I can’t speak Tagalog.
When I first moved to Canada it only took me three weeks to drop my mother tongue, and adopt English as my own. My parents never corrected me.
Though both are bilingual, I was raised in a home with a father who read to me in English and a mother who spoke to me in Tagalog.
And though both are bilingual they never expected or enforced me to speak in their native tongue.
While I could fluently understand, constructing my own sentences proved to be difficult, to the point where I sounded like a foreigner from my original mother tongue.
And truthfully, as an immigrant child growing up in Canada, the fact I could only speak English (with a bit of basic French) never bothered me. It was something I embraced, something I thrived in (which, may also explain why I am in journalism to begin with).
Except, one day in my Te Ara Pou class (a Maori-based elective I took during my exchange at AUT) my lecturer told us, along the lines, that without our language we are lost.
Raised in a Filipino-Canadian home, I am a part of the statistic of immigrant children who have been walking on the fence of two different cultures.
I never went to Catholic school like the majority of the Filipinos I have met in my life. We don’t have the painting of the “Last Supper” hanging above my dining table. Nor do we have a giant wooden spoon or fork on the wall. I hate about 95 per cent of Filipino desserts and I cannot stand Filipino soap operas or their music industry.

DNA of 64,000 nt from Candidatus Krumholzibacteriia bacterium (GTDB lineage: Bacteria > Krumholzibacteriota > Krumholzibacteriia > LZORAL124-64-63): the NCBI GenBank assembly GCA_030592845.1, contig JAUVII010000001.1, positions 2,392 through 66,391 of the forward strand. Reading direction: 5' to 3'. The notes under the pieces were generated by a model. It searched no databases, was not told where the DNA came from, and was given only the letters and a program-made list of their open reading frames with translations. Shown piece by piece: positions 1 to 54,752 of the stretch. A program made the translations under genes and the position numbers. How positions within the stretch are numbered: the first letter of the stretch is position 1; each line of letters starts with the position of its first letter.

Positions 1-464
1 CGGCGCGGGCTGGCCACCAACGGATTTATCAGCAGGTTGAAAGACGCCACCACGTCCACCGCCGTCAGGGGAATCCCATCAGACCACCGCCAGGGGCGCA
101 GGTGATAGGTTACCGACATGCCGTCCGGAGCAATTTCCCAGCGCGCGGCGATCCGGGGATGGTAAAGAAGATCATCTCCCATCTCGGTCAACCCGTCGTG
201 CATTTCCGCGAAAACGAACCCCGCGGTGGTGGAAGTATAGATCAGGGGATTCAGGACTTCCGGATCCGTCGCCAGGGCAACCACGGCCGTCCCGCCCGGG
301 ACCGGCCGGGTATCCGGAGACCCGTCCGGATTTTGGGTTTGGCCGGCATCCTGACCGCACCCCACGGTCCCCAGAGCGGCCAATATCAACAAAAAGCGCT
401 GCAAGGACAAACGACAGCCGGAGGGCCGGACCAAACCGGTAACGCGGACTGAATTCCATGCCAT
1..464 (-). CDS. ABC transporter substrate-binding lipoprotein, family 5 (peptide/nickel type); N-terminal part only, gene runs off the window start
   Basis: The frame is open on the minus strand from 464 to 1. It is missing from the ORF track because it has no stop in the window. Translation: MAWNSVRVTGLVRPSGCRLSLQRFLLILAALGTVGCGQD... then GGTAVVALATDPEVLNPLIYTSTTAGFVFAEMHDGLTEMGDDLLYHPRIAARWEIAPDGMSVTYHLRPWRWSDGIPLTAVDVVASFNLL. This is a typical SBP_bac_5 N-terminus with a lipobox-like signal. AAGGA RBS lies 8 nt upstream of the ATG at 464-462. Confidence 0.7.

I know nothing about the Philippines besides Jose Rizal, Imelda Marcos’s shoe collection (she owned more than 3000 pairs), and Pacquiao, but even I hardly watch those fights.
And while I was a part of Ryerson’s Filipino-Canadian Association, I can truthfully admit I wasn’t all into it (read: I’m sorry guys).
I didn’t even have a debut for my 18th birthday.
And when my friend Genée always tells me she forgets I am an immigrant, I am reminded of how far I have come from that three-year-old from a different country.
Over the years I have become so proud of my Canadian passport, but I have never once decided to stamp it with a Philippines customs stamp.
My “To Go To” list has consisted of Ireland and Aruba and Greece and Bali. It never included “back home.”
But now, after 18 years of travelling the USA and Cuba and now Oceania, I’m going back.
In about 10 hours I will land in Manila.
And I don’t know how I should be feeling – at the moment as I sit in Gate 61, I feel a combination of nervousness and excitement and a minor eagerness to just be back in Canada already (read: living out of a suitcase is starting to take its toll on me).
Ironically, I also can’t help but think that the one place I will be culture-shocked after my five months of travelling is the one place I was born.
In a couple hours, like the prodigal son, I will return to a land that I have long ago forgotten, back to the tropical heat and bustling streets. I will finally return to the arms of a grandmother I haven’t seen in almost two decades.
And there I’ll maybe learn to appreciate the stories of jeepneys and fresh pandesal and beautiful beaches that my parents have always talked about. Maybe there I’ll see more than just the ABS CBN side of things, maybe there I’ll finally embrace the Philippines for more than just its celebrities and food.
Maybe while there I’ll learn to actually speak.
After 18 years, it’s a start.